The key to getting this 90% right is to maintain your composure, be calm, smile and just move on. In doing that you give a pleasant approach to the others and they too tend to forget the frustration and dissatisfaction that they are surrounded with and in turn makes a happy day for them too.

The first thing to in all such situations where you would have shouted at or, yelled at, is to remain calm and composed. Stephen Covey explains this with a beautiful example -

You are eating breakfast with your family. Your daughter knocks over a cup of coffee onto your business shirt. You have no control over what just what happened. What happens when the next will be determined by how you react.You curse. You harshly scold your daughter for knocking the cup over.

She breaks down in tears. After scolding her, you turn to your spouse and criticize her for placing the cup too close to the edge of the table. A short verbal battle follows. You storm upstairs and change your shirt. Back downstairs, you find your daughter has been too busy crying to finish breakfast and get ready for school. She misses the bus. Your spouse must leave immediately for work.

You rush to the car and drive your daughter to school. Because you are late, you drive 40 miles an hour in a 30 mph speed limit. After a 15-minute delay and throwing $60 traffic fine away, you arrive at school. Your daughter runs into the building without saying goodbye. After arriving at the office 20 minutes late, you find you forgot your briefcase. Your day has started terrible. As it continues, it seems to get worse and worse. You look forward to coming home, When you arrive home, you find small wedge in your relationship with your spouse and daughter.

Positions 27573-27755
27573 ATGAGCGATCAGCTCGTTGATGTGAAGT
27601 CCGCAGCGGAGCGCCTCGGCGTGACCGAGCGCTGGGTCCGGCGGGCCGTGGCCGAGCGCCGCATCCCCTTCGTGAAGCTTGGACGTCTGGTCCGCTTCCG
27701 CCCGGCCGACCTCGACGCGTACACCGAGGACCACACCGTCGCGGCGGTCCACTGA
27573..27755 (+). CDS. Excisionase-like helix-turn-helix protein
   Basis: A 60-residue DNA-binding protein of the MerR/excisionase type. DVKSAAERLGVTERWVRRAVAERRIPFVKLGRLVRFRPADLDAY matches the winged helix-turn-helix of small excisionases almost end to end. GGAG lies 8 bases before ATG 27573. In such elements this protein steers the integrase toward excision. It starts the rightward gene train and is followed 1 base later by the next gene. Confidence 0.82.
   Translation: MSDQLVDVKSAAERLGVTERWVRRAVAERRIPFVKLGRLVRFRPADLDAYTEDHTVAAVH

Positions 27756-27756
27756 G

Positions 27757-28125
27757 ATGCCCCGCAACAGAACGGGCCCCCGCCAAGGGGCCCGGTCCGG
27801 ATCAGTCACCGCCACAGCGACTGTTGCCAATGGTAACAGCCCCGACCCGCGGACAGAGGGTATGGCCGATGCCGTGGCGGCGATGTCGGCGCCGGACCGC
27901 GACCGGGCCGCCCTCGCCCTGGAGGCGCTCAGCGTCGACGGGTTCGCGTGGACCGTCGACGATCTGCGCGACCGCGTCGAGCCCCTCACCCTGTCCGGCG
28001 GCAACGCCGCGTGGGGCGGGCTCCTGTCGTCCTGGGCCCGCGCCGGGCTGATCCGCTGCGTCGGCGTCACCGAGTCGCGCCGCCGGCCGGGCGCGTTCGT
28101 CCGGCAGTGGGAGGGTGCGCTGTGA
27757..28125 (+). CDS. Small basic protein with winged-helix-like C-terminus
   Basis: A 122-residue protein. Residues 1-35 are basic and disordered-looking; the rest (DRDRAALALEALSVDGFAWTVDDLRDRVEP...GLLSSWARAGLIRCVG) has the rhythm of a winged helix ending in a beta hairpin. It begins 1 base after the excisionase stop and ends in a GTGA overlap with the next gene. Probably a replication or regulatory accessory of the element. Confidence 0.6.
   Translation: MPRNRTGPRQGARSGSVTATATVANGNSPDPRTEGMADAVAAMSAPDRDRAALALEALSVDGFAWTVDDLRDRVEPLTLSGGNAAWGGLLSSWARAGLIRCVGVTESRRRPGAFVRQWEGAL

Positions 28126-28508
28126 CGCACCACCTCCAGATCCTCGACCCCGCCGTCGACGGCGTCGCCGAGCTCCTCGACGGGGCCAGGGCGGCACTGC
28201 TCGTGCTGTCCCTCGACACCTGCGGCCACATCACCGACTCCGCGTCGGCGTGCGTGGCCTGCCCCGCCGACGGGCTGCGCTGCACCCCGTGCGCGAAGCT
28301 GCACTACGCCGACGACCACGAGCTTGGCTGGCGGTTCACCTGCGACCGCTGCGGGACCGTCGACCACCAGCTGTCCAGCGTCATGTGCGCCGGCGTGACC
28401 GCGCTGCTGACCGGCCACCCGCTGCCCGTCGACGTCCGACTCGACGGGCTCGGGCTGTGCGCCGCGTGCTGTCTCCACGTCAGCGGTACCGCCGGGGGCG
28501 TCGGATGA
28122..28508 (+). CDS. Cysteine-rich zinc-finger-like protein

Why? Because of how you reacted in the morning. Why did you have a bad day?

  1. Did the coffee cause it?
  2. Did your daughter cause it?
  3. Did the policeman cause it?
  4. Did you cause it?

The answer is “4″.

You had no control over what happened with the coffee. How you reacted in those 5 seconds is what caused your bad day. Here is what could have and should have happened.

Coffee splashes over you. Your daughter is about to cry. You gently say, “It’s ok honey, you just need, to be more careful next time”. Grabbing a towel you rush upstairs. After grabbing a new shirt and your briefcase, you come back down in time to look through the window and see your child getting on the bus. She turns and waves. You arrive 5 minutes early and cheerfully greet the staff. Your boss comments on how good the day you are having.

The application of this 90/10 principle at work is also very effective. More often that not, the stress and tension that you feel at work is because of the choice of the wrong way of reacting to a situation. At such otherwise stressful situations like a loss of job, application of the 90/10 principle to put your energy into constructive things could help you handle the situation much better.

Photograph courtesy Crystal Leigh Shearin